Robert Fisk in Abu Dhabi

    The Emirates' out-of-sight migrant workers helping to build the dream projects of its rulers
    Vince Cable interview: Charging fees for employment tribunals was 'a very bad move'

    Vince Cable exclusive interview

    Charging fees for employment tribunals was 'a very bad move'
    Iwan Rheon interview: Game of Thrones star returns to his Welsh roots to record debut album

    Iwan Rheon is returning to his Welsh roots

    Rheon is best known for his role as the Bastard of Bolton. It's gruelling playing a sadistic torturer, he tells Craig McLean, but it hasn't stopped him recording an album of Welsh psychedelia
    Russell Brand's interview with Ed Miliband has got everyone talking about The Trews

    Everyone is talking about The Trews

    Russell Brand's 'true news' videos attract millions of viewers. But today's 'Milibrand' interview introduced his resolutely amateurish style to a whole new crowd
    Morne Hardenberg interview: Cameraman for BBC's upcoming show Shark on filming the ocean's most dangerous predator

    It's time for my close-up

    Meet the man who films great whites for a living
    Increasing numbers of homeless people in America keep their mobile phones on the streets

    Homeless people keep mobile phones

    A homeless person with a smartphone is a common sight in the US. And that's creating a network where the 'hobo' community can share information - and fight stigma - like never before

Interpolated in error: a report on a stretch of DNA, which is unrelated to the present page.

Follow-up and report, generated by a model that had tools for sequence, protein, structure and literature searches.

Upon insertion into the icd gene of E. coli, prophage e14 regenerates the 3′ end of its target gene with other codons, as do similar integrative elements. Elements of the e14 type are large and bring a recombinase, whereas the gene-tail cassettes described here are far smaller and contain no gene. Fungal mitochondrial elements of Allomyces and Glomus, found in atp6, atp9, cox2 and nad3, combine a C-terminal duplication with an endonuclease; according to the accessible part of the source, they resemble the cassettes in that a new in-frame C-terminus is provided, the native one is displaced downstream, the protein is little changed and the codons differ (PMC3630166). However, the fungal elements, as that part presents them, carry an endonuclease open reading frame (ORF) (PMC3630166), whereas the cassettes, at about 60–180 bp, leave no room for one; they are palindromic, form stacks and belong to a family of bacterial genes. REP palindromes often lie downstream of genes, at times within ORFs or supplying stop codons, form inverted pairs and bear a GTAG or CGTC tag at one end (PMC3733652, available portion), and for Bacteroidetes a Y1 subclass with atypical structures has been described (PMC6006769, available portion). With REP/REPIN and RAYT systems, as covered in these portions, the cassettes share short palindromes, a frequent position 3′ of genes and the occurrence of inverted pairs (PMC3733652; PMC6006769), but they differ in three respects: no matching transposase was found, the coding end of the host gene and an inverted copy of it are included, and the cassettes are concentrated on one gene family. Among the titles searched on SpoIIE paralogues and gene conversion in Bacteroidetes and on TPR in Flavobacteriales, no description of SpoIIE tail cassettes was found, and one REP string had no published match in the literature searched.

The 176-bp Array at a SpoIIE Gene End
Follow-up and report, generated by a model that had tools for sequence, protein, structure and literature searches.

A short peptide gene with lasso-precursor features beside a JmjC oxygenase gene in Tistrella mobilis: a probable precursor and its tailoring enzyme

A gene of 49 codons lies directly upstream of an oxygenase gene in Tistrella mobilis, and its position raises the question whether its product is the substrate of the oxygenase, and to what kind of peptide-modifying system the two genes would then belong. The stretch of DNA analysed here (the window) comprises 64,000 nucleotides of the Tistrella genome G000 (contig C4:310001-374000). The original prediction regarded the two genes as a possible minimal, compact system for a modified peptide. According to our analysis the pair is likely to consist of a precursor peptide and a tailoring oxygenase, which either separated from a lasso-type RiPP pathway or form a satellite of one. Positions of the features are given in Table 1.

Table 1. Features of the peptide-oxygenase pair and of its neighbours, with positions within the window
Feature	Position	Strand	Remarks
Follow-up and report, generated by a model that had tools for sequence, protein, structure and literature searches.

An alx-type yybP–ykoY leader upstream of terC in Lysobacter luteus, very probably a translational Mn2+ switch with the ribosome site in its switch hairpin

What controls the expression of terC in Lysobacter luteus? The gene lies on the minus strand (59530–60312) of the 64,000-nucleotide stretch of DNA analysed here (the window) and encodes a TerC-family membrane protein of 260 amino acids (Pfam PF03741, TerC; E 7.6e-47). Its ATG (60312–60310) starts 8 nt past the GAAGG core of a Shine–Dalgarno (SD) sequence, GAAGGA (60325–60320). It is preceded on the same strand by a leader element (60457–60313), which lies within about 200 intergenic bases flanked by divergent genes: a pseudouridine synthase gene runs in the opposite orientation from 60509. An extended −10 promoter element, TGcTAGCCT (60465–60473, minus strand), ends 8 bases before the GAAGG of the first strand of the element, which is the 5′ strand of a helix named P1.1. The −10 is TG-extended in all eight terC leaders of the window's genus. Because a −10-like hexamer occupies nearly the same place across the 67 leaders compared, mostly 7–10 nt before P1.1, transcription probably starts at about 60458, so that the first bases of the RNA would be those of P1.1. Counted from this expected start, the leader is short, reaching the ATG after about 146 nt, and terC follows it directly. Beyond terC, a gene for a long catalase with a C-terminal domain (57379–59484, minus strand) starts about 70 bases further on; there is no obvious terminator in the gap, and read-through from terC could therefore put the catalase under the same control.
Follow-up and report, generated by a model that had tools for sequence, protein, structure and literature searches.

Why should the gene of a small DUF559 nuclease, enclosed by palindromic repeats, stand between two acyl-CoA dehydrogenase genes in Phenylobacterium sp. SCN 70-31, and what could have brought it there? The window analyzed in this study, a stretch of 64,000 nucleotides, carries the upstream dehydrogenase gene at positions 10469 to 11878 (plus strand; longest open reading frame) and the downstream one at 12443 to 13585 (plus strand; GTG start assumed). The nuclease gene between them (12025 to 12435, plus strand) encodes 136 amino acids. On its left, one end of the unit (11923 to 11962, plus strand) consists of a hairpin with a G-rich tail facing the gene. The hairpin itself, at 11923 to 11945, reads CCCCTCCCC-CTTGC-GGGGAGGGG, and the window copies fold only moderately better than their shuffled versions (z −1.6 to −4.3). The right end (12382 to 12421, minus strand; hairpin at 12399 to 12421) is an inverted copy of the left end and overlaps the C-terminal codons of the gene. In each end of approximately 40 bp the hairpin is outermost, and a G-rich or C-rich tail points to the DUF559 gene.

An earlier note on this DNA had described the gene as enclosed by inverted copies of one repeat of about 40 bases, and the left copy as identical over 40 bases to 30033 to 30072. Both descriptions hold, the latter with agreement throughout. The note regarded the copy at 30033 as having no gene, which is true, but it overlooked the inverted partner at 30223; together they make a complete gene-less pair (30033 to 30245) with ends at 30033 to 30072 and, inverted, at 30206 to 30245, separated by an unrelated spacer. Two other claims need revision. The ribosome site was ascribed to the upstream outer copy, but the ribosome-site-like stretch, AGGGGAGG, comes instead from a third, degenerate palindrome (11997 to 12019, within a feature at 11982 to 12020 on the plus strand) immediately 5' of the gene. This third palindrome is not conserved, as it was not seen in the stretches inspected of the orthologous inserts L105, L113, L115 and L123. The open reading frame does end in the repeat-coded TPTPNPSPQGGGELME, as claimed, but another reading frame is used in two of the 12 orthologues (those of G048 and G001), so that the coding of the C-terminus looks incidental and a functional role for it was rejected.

'Queer saint' Peter Watson left his mark on British culture by bankrolling artworld giants

    'Queer saint' who bankrolled artworld giants

    British culture owes a huge debt to Peter Watson, says Michael Prodger
    Pushkin Prizes: Unusual exchange programme aims to bring countries together through culture

    Pushkin Prizes brings countries together

    Ten Scottish schoolchildren and their Russian peers attended a creative writing workshop in the Highlands this week
    14 best kids' hoodies

    14 best kids' hoodies

    Don't get caught out by that wind on the beach. Zip them up in a lightweight top to see them through summer to autumn
    Robert Fisk in Abu Dhabi: The acceptable face of the Emirates

    The acceptable face of the Emirates

    Has Abu Dhabi found a way to blend petrodollars with principles, asks Robert Fisk